Representative investments already completed in the Fund include Ladder Capital Finance, a U.S. specialty finance company created to take advantage of opportunities in the commercial real estate sector; Care Aspirations, a leading U.K. provider of specialist care for severe learning disabilities; and, most recently, FlatIron Crossing, a joint venture with national regional mall operator Macerich Company. The GI Partners team has acquired significant sector and deal expertise through investments such as Digital Realty Trust, a publicly-listed REIT ranked as one of the best performing since its creation by GI Partners in 2004, and The Cambian Group, a leading U.K. provider of specialist psychiatric rehabilitation services and residential education. With a team of 37 investment professionals and approximately $4.0 billion of assets under management, GI Partners seeks to substantially increase the value of its owned businesses through significant EBITDA growth.
Lazard acted as placement agent for the Fund.
About GI Partners
Established in 2001, GI Partners is a private equity firm that focuses on control-oriented investments across North America and Western Europe in asset-intensive businesses or portfolios of assets that are underpriced relative to their intrinsic value. The team focuses on a number of key sectors, including specialty healthcare, asset-backed IT services, leisure, real estate and financial services. Reach GI Partners in Menlo Park, California on telephone +1 650-233-3600 and London, U.K. on +44 20 7034 1120.
DUBAI (Reuters) - Private equity firm Blackstone Group is planning to list up to eight of its portfolio companies, according to a source who received a letter the firm sent to investors on Friday.
The letter details that Blackstone is positioning one company — hospital staffing firm Team Health — for an IPO and evaluating the potential for seven others, the source said.
It also says that Blackstone is in the process of five realizations this year — meaning sales of companies it owns. Of these, four have already been announced and one is imminent, the source said.
One of the exits is Kosmos Energy’s Ghanaian oil interests, the source who has the letter said. Sources previously told Reuters that Exxon Mobil has agreed to buy Kosmos Energy’s stake in the Jubilee field. Kosmos is backed by Blackstone and Warburg Pincus.
Those five realizations are expected to generate aggregate proceeds of $2.8 billion, the source cited the letter as saying.
Blackstone was not immediately available to comment.
One problem private equity firms have faced during the market turmoil is the inability to exit investments through initial public offerings or by selling to companies in the same industry as the target — known as “strategic buyers.”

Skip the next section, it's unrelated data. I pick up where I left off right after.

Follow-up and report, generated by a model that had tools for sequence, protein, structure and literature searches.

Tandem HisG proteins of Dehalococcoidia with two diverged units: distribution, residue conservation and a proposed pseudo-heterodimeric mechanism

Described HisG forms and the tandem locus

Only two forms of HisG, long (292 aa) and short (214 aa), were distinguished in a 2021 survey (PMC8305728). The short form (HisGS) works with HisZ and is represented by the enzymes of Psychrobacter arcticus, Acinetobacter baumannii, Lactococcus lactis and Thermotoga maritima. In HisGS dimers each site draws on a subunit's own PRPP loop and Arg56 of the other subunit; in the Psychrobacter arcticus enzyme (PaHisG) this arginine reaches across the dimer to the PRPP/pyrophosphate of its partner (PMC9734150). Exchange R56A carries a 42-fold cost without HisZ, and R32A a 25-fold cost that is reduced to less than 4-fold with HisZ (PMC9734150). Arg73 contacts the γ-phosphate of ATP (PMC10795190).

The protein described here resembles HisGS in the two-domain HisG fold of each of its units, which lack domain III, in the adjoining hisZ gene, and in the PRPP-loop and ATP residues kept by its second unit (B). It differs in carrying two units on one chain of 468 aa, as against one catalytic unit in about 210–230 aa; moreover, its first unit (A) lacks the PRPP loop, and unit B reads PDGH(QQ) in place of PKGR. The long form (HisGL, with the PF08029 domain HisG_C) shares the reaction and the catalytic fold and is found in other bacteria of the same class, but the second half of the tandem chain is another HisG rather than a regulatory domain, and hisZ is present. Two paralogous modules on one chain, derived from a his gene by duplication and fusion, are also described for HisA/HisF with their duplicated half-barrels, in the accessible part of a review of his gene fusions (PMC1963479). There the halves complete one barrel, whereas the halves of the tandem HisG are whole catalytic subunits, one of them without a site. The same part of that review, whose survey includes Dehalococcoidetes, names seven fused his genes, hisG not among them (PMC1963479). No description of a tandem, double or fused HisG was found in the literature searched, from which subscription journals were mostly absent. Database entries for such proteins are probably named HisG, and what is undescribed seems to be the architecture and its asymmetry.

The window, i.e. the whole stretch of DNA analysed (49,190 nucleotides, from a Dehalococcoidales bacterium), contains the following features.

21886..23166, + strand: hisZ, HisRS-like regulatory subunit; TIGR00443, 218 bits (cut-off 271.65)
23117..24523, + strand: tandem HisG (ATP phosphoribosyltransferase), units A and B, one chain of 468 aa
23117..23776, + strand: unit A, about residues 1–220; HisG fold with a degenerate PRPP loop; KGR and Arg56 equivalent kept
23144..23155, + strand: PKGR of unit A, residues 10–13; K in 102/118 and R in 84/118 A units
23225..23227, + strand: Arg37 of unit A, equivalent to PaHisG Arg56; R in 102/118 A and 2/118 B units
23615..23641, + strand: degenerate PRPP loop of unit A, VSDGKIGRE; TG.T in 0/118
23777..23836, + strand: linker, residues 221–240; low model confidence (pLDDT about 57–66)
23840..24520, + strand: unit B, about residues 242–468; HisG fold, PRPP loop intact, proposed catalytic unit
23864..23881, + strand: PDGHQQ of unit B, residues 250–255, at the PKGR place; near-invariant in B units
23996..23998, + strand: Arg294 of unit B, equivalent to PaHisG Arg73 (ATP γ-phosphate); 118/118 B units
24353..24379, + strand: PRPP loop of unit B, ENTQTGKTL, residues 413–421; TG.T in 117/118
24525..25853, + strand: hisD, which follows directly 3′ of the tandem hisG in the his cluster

But private equity firms have been making the most of the improved stock markets to exit some of their investments.
Rival Kohlberg Kravis Roberts & Co’s Dollar General filed for an initial public offering of up to $750 million in August and the company is considering others, sources previously told Reuters.
Blackstone’s chief operating officer Tony James said in August that should the markets hold up and continue their present trend, there will probably be some IPOs from Blackstone’s portfolio in the next 12 months, although he stressed he wasn’t promising a lot of exits.
“There are a couple of companies that are definitely candidates,” James said at the time. “There has also been a rebound in the interest of strategic buyers,” he added.
Details from the letter to investors were earlier reported by the Financial Times, which quoted founder Steve Schwarzman as telling investors that “At least for private equity, the worst is behind the industry,.”
Team Health Holdings Inc, a hospital staffing company owned by a unit of Blackstone, earlier in October filed to raise as much as $100 million in an initial public offering, according to a prospectus filed on Tuesday with the U.S. Securities and Exchange Commission.
By Megan Davies
(Editing by Douwe Miedema and Hans Peters)
Atlas Holdings is in the market raising its first traditional buyout fund, two sources familiar with the situation said. The Greenwich, Conn.-based distressed investment firm had previously relied on investors to back deals on a one-by-one basis, typically investing large chunks of its own general partners’ capital. That structure is similar to that of its founders’ prior firm, Pegasus Capital. Atlas Holdings’ general partners intend to make an “abnormally large” capital contribution to the fund.